Fourteenth Sunday in Ordinary Time

Isaiah 66:10-14c | Galatians 6:14-18 | Luke 10:1-12, 17-20

 

Oh, God, who in the abasement of your Son have raised up a fallen world, fill your faithful with holy joy, for on those you have rescued from slavery to sin, you’ve bestowed eternal gladness. Through our Lord Jesus Christ, your Son who lives and reigns with you in the unity of the Holy Spirit, one God forever and ever, amen.

 

The theme that we started last week is continued in this set of readings, freedom, freedom from the slavery of sin.  We begin with a reading about the temple.  It’s from Isaiah, and it’s about the change that God has always planned to take place within his relationship with people. He’s had to take the place of a lawgiver.  He’s had to tell people what to do, because they didn’t know what to do.  But his plan would be that they not stay under the law like that, but they would evolve, and they would grow, and they would change, and they would be able not to turn to an exterior law to find out what to do but to go interior, to go inside and listen to a voice that is there inside of them.  It’s a beautiful image of God entering into human beings’ lives and changing them. The law controls them.  God changes them.

So we have in this first reading an image of the temple being something new.  A new heaven and a new earth have been created, in the words of Isaiah, because the temple is now different.  It’s been restored to its original ideal.  It’s like a source of life for human beings who are struggling to live according to the law of God, not by forcing them to do what they’re told but empowering them to do it, and so we go from this negative image of the temple that Jesus had when he walked this earth.  It’s the shadow of all religion where it begins to take over, and instead of empowering people, it controls them, tells them what they must do and robs them of something that is their inheritance.  And our inheritance is that, from the beginning, God made a promise to you and me that he would awaken in us the fullness of what we were intended to be by him.  So what would be — if you’re looking at the evolution of a human being growing into who they’re supposed to be, what image would you use for a temple that would be a source of life for that kind of movement from immaturity to maturity, from self-centeredness to other-centeredness as we grow in our consciousness?  Well, it’s a mother.  As you see in this first reading, the image of the temple as a beautiful image of a life-giving, feminine figure who one would delight in being nurtured and fed and encouraged and held and loved unconditionally like a mother, that’s the image of what God wanted the temple always to be.  But it turned away from that and fell into the trap of power, and so in a way, when Isaiah is describing this new temple, he’s really talking about the Messiah, an image of God that would come into the world not to judge, not to condemn, not to demand but to empower, enrich, strengthen, fill them with the wisdom that the law is based on.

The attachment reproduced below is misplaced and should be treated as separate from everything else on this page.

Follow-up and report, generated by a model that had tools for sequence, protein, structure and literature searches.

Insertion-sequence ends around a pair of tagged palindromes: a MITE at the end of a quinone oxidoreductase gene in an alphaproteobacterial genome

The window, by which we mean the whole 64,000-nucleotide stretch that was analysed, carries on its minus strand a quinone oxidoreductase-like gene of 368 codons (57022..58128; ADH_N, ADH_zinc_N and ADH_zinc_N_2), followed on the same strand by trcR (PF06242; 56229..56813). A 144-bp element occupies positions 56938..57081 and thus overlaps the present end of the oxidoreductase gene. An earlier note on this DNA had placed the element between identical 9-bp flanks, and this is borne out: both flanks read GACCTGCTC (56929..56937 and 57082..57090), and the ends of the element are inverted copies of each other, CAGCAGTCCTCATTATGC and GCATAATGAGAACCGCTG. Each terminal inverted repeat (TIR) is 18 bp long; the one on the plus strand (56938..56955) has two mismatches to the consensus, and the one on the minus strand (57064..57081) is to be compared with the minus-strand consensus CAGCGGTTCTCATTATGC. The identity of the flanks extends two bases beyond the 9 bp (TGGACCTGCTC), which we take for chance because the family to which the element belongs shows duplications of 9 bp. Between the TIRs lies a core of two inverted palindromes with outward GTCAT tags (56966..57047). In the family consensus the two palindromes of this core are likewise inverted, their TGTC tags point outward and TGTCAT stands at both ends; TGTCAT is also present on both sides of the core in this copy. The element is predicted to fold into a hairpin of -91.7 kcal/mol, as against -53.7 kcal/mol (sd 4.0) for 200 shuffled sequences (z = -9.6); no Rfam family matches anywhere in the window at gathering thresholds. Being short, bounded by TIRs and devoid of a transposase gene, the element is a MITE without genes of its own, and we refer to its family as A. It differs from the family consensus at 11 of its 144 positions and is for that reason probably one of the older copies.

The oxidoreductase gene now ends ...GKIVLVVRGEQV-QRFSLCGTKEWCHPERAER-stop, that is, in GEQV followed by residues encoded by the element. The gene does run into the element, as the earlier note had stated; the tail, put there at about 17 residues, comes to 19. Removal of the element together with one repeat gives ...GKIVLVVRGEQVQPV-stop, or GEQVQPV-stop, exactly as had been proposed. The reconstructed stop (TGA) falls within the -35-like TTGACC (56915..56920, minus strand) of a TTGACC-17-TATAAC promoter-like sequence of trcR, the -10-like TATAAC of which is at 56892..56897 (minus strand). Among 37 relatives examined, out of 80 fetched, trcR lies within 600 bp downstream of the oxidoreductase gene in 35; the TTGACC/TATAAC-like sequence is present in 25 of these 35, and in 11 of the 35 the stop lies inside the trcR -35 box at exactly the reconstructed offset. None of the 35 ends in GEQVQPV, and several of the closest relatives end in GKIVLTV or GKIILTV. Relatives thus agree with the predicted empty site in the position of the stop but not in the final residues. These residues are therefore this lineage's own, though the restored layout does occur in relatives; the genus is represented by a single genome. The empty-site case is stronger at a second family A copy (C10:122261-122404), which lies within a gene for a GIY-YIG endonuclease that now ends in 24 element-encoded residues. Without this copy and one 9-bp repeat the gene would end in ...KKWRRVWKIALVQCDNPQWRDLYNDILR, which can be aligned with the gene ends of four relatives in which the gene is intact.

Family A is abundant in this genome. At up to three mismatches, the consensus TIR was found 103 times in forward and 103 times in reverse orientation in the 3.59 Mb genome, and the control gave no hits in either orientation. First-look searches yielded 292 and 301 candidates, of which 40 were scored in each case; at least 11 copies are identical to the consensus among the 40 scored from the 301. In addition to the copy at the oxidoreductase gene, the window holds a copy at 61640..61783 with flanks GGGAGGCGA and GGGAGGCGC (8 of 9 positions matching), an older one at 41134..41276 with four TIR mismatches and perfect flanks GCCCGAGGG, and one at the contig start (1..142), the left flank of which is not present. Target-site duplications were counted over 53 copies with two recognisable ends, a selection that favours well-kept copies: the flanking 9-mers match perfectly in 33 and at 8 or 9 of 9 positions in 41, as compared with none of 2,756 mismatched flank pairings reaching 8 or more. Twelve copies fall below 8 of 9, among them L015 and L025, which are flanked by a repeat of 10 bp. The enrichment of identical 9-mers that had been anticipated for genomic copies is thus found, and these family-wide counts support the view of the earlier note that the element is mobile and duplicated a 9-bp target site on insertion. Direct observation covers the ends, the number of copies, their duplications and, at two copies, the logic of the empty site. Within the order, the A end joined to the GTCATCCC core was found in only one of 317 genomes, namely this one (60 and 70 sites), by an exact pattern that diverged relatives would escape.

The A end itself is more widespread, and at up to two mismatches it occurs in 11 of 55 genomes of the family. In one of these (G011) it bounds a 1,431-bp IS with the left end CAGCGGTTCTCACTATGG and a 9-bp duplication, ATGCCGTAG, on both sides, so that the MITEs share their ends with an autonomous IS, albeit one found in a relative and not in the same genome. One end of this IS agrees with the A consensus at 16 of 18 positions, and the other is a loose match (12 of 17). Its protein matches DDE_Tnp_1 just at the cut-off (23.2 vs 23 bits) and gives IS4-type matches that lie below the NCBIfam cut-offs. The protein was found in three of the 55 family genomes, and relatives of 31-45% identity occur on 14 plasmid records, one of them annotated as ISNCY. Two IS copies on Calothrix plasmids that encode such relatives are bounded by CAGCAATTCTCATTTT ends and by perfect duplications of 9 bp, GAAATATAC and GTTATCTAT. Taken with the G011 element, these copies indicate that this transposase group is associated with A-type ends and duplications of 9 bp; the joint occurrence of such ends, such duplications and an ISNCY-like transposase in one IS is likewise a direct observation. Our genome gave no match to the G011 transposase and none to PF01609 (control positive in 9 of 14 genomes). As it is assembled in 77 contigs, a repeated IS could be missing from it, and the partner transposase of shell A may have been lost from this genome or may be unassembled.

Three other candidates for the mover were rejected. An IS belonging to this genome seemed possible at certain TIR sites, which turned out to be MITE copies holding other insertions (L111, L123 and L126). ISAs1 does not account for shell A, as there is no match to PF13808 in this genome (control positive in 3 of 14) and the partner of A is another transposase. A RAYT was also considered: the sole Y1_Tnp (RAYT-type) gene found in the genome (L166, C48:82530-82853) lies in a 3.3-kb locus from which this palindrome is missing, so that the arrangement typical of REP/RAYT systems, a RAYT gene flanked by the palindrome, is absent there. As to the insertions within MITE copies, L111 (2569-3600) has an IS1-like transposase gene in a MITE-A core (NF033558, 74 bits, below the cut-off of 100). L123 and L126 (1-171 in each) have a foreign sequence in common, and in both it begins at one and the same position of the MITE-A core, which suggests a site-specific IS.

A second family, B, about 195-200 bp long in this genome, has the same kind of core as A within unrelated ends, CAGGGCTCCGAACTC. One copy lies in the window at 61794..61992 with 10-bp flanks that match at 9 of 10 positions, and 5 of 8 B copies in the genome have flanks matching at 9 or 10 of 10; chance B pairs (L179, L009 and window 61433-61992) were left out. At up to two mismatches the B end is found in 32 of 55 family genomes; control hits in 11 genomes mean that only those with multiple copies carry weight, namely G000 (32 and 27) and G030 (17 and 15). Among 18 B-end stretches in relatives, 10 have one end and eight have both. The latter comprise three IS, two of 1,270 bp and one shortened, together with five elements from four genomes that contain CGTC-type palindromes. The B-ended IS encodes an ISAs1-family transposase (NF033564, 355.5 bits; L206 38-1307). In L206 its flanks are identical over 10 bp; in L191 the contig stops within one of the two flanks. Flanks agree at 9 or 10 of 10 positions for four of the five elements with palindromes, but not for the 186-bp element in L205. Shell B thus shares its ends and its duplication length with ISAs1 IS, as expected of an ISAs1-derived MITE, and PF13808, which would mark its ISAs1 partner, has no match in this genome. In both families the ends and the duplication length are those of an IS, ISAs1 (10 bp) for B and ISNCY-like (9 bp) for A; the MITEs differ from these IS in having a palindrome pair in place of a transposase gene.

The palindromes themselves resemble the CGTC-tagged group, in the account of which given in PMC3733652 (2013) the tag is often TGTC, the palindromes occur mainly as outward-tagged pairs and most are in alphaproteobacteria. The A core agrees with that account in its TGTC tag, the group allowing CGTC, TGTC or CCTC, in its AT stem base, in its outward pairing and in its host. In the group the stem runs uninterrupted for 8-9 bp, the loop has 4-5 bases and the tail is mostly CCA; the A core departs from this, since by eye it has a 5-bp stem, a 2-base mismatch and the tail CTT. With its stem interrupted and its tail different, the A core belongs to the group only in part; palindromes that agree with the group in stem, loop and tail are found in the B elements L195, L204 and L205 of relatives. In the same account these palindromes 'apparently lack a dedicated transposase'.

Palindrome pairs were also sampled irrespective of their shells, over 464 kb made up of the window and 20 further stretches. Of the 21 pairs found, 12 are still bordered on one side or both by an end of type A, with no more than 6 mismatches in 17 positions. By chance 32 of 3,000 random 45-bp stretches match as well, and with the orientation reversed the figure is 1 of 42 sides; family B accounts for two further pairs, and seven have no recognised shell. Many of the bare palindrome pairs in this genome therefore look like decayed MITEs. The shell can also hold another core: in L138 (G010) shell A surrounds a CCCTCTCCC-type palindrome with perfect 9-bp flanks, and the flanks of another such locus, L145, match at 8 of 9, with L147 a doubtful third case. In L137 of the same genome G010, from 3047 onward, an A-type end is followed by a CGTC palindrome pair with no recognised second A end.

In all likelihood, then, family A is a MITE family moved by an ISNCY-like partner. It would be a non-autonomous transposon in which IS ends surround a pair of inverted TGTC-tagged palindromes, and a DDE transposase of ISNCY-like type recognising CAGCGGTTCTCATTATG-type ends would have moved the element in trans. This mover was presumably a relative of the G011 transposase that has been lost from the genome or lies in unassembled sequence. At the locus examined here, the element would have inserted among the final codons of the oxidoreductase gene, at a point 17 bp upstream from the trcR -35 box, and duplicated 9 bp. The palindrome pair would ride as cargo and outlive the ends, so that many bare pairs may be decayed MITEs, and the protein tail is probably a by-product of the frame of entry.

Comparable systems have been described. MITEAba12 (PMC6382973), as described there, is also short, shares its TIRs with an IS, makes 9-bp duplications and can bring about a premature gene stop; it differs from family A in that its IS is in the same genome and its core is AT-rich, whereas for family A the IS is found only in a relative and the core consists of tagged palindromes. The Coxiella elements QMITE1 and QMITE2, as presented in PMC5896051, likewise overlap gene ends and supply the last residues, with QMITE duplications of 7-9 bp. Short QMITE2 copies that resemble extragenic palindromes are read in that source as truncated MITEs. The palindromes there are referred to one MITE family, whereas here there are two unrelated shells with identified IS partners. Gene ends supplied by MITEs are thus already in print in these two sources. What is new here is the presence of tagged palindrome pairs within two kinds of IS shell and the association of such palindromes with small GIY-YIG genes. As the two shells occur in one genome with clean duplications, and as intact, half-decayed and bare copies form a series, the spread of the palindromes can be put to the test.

But that wisdom is potentially able to reside in every human being so they don’t need the law, and that’s what Paul comes in and says. It’s the same argument he had last week in the letters.  It’s this group of Israelites, the followers of the temple that are upset about these new creatures called Christians, who weren’t called Christians yet, but in other words, they were coming into this incredible relationship, this intimacy with God without following all these rules and laws and without being circumcised, which was a major requirement for a person to be a relationship with God that was a covenant bond, and so they’re upset.  How can they have this gift without earning it through doing the law? And Paul is pretty clear.  Those things don’t really matter.  What matters is what’s happened to the human race. They’ve become a new creation. Something is different, and what the law was trying to achieve, this new creation achieves on its own by radically changing the consciousness of the person who receives this grace.  It’s new.  It’s never existed before until Christ.